Daniel Thompson gets crowdfunding support after quitting over distorted Jacob Blake news headline
The Black journalist quit his job at the Kenosha News on Saturday, August 29, after a dispute with the editor over a misleading headline for a story about a rally organized by the family of Jacob Blake, and has since funded his independent journalism through a wildly successful GoFundMe campaign.
Daniel Thompson resigned from his position as a digital editor at the daily newspaper after seeing the headline that was posted online for Saturday’s story. The headline read “Kenosha speaker: ’If you kill one of us, it’s time for us to kill one of yours.”
Thompson, who attended the rally, said the headline did not reflect the messages of Blake’s family and other speakers at an event that featured remarks, songs and a peaceful march. Thompson, who said he was the only Black full-time journalist on staff, called the headline dangerous as tensions remained high in the city.
Thompson posted a screenshot of his conversation with his editor, Bob Heisse, in which he asked that the headline be changed.
“This is a public threat and it is an exact quote. At a rally that was to that point totally on message.” – Bob Heisse
“Then I quit.” – Daniel Thompson
Heisse said in a statement that the story was a “late sidebar” to the newspaper’s main protest story, and was published only online. He declined to comment on Thompson’s departure or the decision behind the headline. He also would not confirm whether Thompson was the only full-time Black journalist at the paper, saying he could not comment on staffing.
A white police officer shot Blake seven times in the back on August 23, sparking protests and unrest that included some businesses being burned and vandalized. Authorities say an armed civilian killed two demonstrators on Aug. 25, and a 17-year-old from Illinois has been charged with those slayings.
Thompson’s resignation came during a nationwide reckoning by news organizations regarding coverage of diverse communities and a lack of diversity in their newsrooms. Since the death of George Floyd in Minneapolis in May, editors at major newspapers have stepped down over coverage decisions.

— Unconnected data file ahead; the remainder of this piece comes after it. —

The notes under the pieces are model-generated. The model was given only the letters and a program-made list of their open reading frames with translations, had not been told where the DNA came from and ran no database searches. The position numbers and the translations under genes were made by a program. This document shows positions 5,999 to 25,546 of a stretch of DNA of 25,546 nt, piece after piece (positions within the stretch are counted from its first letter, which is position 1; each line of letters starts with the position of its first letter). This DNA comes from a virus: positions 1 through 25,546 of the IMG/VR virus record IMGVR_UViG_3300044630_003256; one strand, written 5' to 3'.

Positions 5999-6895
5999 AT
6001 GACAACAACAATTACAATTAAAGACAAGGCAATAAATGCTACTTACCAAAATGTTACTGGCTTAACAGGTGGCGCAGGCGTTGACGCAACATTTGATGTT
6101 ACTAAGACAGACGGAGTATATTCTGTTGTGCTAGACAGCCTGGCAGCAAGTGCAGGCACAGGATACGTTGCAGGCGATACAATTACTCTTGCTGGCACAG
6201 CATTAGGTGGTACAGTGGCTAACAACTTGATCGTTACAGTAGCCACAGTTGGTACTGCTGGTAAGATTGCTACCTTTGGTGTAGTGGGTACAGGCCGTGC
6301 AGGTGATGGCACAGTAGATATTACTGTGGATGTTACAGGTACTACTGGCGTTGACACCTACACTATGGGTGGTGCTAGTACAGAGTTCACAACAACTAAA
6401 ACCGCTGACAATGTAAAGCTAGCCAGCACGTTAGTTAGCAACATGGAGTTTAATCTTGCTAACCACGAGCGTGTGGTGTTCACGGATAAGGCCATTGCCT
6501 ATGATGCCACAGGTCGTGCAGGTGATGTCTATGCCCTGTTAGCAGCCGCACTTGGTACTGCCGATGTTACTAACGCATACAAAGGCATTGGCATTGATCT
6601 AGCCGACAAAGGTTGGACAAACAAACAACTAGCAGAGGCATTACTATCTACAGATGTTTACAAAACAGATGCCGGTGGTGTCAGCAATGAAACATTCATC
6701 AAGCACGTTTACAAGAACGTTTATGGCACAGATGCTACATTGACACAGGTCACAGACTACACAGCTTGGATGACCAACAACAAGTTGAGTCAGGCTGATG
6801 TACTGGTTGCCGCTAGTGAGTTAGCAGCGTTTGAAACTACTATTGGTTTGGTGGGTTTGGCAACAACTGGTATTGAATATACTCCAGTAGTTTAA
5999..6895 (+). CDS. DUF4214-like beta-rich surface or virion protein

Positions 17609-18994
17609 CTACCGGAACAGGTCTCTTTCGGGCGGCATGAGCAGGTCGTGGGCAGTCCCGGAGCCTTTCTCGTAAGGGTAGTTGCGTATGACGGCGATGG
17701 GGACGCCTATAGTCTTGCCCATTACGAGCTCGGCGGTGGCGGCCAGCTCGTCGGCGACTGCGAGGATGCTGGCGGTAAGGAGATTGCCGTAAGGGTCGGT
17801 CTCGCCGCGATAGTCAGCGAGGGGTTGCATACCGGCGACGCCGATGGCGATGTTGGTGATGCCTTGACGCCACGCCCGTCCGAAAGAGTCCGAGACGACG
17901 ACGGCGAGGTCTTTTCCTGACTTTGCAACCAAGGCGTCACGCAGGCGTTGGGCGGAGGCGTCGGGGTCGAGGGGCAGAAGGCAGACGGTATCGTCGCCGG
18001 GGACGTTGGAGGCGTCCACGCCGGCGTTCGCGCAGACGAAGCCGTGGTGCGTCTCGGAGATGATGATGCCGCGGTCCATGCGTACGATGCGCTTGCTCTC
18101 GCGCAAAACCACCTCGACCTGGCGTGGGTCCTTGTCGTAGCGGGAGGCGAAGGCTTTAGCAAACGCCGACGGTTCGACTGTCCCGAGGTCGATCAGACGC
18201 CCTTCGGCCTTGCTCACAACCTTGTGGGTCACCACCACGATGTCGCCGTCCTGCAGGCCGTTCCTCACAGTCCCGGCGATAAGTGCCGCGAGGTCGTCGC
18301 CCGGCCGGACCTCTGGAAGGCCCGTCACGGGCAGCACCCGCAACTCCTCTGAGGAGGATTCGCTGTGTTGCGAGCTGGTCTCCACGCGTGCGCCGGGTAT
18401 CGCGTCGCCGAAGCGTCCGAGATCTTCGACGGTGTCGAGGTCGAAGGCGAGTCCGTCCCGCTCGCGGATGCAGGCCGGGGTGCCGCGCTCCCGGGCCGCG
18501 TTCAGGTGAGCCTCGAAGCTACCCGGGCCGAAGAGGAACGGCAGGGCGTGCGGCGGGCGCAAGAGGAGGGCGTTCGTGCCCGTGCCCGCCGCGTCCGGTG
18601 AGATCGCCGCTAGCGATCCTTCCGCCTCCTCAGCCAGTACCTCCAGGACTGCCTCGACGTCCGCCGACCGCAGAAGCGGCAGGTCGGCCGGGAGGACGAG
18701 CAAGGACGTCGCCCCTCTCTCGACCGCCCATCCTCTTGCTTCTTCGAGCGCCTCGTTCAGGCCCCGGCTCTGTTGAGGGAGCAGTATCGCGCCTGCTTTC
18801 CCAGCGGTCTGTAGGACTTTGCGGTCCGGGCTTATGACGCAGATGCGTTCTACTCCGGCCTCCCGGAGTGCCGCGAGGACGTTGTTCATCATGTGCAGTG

Thompson said he was not finished working as a journalist in Kenosha, and launched a GoFundMe campaign on August 30 in order to raise enough money to support that effort.
“Since I resigned from the Kenosha News, many people have asked what I plan on doing next. And the truth is, I don’t know what exactly it is, but I don’t think I’m done with Kenosha. And I don’t think I’m done with journalism.” Thompson wrote on his GoFundMe page. “That said, I’m asking for some assistance during this time to the tune of $5,000. I figure that’s what I need to have two months free to develop and launch new projects while being able to cover my bills, pay for medications, etc. So if you want to invest in me, my journalism skills and you want a better news source in Kenosha, please donate. I want to continue to serve the community. And this is how I do it best.”
Thompson ended his fundraising campaign after two weeks on September 15, which brought in and extra $40,000 of support on top of his original $5,000 goal, along with an unexpected amount of national attention. He also made it a point to clarify that his disagreement was with the newspaper’s management.
“Let me be clear: My anger is with management. NOT the hardworking reporters, circulation, ad, media services and all of the employees at Kenosha News who take ALL the heat for poor management decisions when they have NONE of the blame,” Thompson wrote on Facebook.
Denise Lockwood, publisher of the Racine County Eye, announced on On September 16 that her news service was in the process of building a new media website called the Kenosha Lens. Beginning October 5, the site will feature the reporting of Thompson, who will cover the City of Kenosha on a page titled the Uptown Observer.
Our focus: create news stories that serve the community, not exploit it. That means that while we’ll uncover problems in the community, we’re dedicated to providing the highest and best information around how people are solving those problems.
All too often, corporate-owned media focuses on stories that garner the biggest audience but it fails to develop meaningful relationships with its readers. Racine County Eye, owned by veteran journalist Denise Lockwood, has a long history of doing just that.
Featuring Thompson’s work on the Kenosha Lens will help provide local readers with journalism they can trust.
Scott Edwards and Jordan Pauley